made the inspection for Mr. Temidc
ton and to the report of Willis
Whited, engineer of bridges of the
State Highway Department, as estab
lishing the conditions. /
Chairman W. D. Baincy, of the
Public Service Commission, has re
turned from Washington.
Different sections of motion pic
ture films that have beem clipped
from their reels by the Pennsylvania
State Board of Censors because of
their alleged unfitness to be shown
to the public, are the subject of a
suit brought in Philadelphia court
by the National Association of the
Motion Picture Industry, against the
Pennsylvania State Board of Cen
sors, composed of Henry W. Knapp,
Ellis P. Oberholtzer and Mrs. Ed
j ward C. Niver. The value of the
parts which were taken from vari
ous films is placed at SI,OOO.
Setli E. Gordon, acting secretary
of the State Game Commission, is
on a tour of game preserves.
Col. Eilwanl Martin, Slntc Commis
sioner of Health is at New York, at
tending the meeting of the American
Surgical Society.
Chairman W. 1). D. Alney. of the
Public Service Commission, is home
fiom Washington, where he attended
meetings of the Inter-State Com
mission and other bodies.
Dr. Thomas Lynch Montgomery,
Slate Librarian, will address the
Philobiblion Club at Philadelphia this
The Philadelphia Inquirer of yes
terday had this to say about the new
colonels of the National Guard:
"Now that the list of regimental
commanders of the newly-reorganized
National Guard of Pennsylvania has
been announced, great satisfaction
has been expressed everywhere at the
selection of the men, there fitness for
the positions their war records and
their all-round ability. Officers and
men alike who served under the new
ly-named regimental commanders
both )n the National Guard and in
Federal service in Franc©, are highly
pleased and say that with such men
as these as leaders the reorganiza
tion of the Guard is bound to be a
success.. There is not a man recom
mended for executive position by Ma
jor General William G. Price, Jr., but
who has been thoroughly tried out
and put through the test as a soldier,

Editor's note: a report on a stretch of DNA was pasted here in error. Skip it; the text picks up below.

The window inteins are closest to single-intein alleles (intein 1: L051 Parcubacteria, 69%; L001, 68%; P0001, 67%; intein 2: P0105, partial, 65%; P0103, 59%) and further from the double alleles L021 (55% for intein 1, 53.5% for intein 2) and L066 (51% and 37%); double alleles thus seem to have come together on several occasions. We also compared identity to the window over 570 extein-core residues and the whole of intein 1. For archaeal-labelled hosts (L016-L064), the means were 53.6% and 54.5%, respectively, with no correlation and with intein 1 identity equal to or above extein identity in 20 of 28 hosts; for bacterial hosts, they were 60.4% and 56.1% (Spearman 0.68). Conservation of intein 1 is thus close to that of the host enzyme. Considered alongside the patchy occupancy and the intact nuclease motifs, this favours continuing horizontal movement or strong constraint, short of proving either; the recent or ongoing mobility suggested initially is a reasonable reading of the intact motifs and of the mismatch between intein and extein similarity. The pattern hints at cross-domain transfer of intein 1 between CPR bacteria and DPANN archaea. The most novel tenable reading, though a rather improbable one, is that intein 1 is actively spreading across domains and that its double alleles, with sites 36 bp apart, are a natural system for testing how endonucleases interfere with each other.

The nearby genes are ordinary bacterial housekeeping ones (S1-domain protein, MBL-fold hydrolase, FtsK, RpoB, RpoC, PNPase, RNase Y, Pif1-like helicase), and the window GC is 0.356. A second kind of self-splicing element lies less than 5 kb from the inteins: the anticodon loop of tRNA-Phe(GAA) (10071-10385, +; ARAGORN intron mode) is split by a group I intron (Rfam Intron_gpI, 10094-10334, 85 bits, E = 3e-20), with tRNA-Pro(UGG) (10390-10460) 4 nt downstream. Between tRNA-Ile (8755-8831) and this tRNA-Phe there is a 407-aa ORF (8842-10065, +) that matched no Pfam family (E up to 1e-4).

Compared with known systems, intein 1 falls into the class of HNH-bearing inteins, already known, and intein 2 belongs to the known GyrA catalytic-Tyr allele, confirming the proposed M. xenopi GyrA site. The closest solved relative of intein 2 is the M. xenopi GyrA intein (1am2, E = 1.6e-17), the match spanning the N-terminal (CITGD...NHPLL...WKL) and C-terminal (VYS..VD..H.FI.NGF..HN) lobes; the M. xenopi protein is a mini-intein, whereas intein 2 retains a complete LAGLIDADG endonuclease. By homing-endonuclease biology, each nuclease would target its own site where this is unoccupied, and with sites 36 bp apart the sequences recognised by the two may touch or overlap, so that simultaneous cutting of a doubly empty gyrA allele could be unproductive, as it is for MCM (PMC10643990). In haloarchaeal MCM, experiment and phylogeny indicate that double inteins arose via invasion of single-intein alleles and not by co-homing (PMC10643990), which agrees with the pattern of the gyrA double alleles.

a tactician, as an organizer and as a
man among men. Never before in the
history ot the National Guard has
such a brilliant list of colonels ever
commanded regiments In this State."
Increase In Stack.—Formal notices
of authority to *increase stock of the
Atlantic Refining Company, Philadel
phia, from $5,000,000 to $70,000,000
have been recorded at the State Cap
itol, forming the largest increase
covered by notices filed in months.
The Kendall Refining Co., Bradford,
has filed notice of increase of stock
from $1,000,000 to $2,000,000 and the
Franklin Quality Refining Co., Frank
lin, from SIOO,OOO to $300,000. Other
notices filed included; Wappot Gear
Works, Pittsburgh stock, $20,000 to
$70,000; Montgomery Foundry and
Fitting Co., Conshohocken, stock,
SIOO,OOO to $500,000; Johnstown Gro
cery Co., Johnstown, debt $250,000;
Erie Contractors Supply Co., Erie,
stock, SIO,OOO to 025,000; South East
on Water Co., Easlon, -stock, $200,000
to $300,000; Vulcan Rubber Co., Erie,
stock, SI,OOO,uUU to s2,oon,nnn: Hans
com Brothel's Co., Philadelphia, stock,
$200,000 to $400,000; Belber Trunk
and Bag Co., Philadelphia, stock,
$126,000 to $200,000: Paper Products
Mfg. Co., Wilkes-Barre, stock. $50,-
■OOO to 100,000; Dock Hollow Coal Co.,
Oakmont, Stock $20,000 to s3u,ot)o; Im
perial Coal Corporation, Johnstown,
stock, $440,000 t(f575,000; Johnstown
Chemical Co., Johnstown, stock, $86,-
000 to $160,000. The Penn Public Ser
vice Corporation, of Johnstown, filed
notice of authority to issue $20,000,-
000 bonds.
lowa Falls, la., Oct. 20. —Two
men were killed, another may die
and several others vfere more or less
seriously injured, following two ex
plosions in a .fire which destroyed •
the produce plant of Sw'.ft & Com- :
pany here late yesterday.
Plant trees. They improve cli
mate, conserve soli and moisture.
Dr. Finegan Urges That It Be
Adopted For Country
Schools Friday
Observance of next Friday, Oc
tober 24, not only as Arbor Day and
a day for taking fresh steps for in
creasing the number of trees and
protecting those which stand and
also for conservation of wild life,
but as the first recognition of "Rural
Life Day, was suggested to-day by
Dr. Thomas E. Finegan, the State
Superintendent of Public Instruc
Dr. Finegan suggests that school
boards take steps to bring this day
to attention of their public and that
good roads advocates may unite with
health authorities and the Red Cross
in launching movements f6r better
ment of life in the country.
The Superintendent says:
"This is an opportune time
to inaugurate the observance of
a Rural Life Day. The Autumn
Arbor Day and Bird Day will
occur October 24 next. School
boards throughout the rural sec
tions of the State would do well
to request all the schools to en
large the functions of this day
and consider not only the con
servation of the natural re
sources of the State but also to
consider all the questions in
volved in making the rural dis-'
tricts more attractive and de
sirable for those who live In
such sections. The needs of the
school might be made one of
the principal features to be